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Sustainability 2014, 6(2), 513-529; doi:10.3390/su6020513
Published: 24 January 2014
Abstract: This paper argues that sustainable consumption and production (SCP) should play a prominent role in the formulation and implementation of the sustainable development goals (SDGs) and discusses how this could be practically done. Unsustainable patterns of consumption and production have been declared the primary cause of environmental deterioration. This was clearly recognized already at the United Nations Conference on Environment and Development (or the Rio Summit) in 1992; and this recognition has been reconfirmed in all high-level sustainability meetings since then. SCP aims to change these patterns; it is a policy agenda for addressing the root causes of our ecological predicament, while, at the same time, providing for human wellbeing and prosperity. Drawing from international agreements, practical policy experience and research from a range of disciplines, the paper provides a clarifying framework for scientifically robust, policy-relevant and practical goal-setting for SCP within the SDGs. Special attention is given to how SCP in the SDGs can create synergies with other international policy initiatives. The paper explores the advantages and disadvantages of two possible options for reflecting SCP in the SDGs framework: (i) SCP as a stand-alone goal; and (ii) SCP as a cross-cutting objective, embedded within relevant goals. While these two options are not necessarily mutually exclusive, given the competing number of issues for prioritization and the fact that a 10-Year Framework of Programs on SCP has also recently been established, it is hardly foreseeable that both options can be realized. The paper further proposes a set of basic principles for SCP at the global level and makes recommendations towards the formulation of indicators supporting SCP objectives in the SDGs.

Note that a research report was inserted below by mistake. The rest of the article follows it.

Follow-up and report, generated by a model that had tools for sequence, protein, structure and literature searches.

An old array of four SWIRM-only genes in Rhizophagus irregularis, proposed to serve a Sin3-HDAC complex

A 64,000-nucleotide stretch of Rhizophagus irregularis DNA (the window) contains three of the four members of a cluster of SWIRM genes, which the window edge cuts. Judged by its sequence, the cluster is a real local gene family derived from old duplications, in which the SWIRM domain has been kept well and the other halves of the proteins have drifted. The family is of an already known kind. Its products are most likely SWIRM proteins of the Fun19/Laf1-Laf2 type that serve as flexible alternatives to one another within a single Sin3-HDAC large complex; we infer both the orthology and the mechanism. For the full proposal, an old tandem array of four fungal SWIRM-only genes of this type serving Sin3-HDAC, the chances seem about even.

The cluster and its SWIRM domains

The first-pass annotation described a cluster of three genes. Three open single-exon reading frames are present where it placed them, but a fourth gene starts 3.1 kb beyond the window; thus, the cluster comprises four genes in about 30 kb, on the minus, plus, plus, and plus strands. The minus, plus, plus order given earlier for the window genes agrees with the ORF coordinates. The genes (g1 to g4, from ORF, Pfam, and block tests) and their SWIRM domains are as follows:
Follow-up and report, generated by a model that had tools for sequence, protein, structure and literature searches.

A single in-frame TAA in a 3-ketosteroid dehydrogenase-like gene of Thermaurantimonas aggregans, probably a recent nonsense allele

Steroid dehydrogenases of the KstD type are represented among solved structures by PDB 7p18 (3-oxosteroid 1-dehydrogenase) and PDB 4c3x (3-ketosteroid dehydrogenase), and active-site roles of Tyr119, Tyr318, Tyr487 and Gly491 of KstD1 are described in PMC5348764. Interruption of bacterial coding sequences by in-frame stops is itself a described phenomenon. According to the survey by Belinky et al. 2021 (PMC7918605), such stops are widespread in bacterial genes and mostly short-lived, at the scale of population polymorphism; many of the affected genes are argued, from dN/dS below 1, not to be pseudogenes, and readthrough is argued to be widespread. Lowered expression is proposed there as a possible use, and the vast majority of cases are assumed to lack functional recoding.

1. Introduction: SCP and International Mandates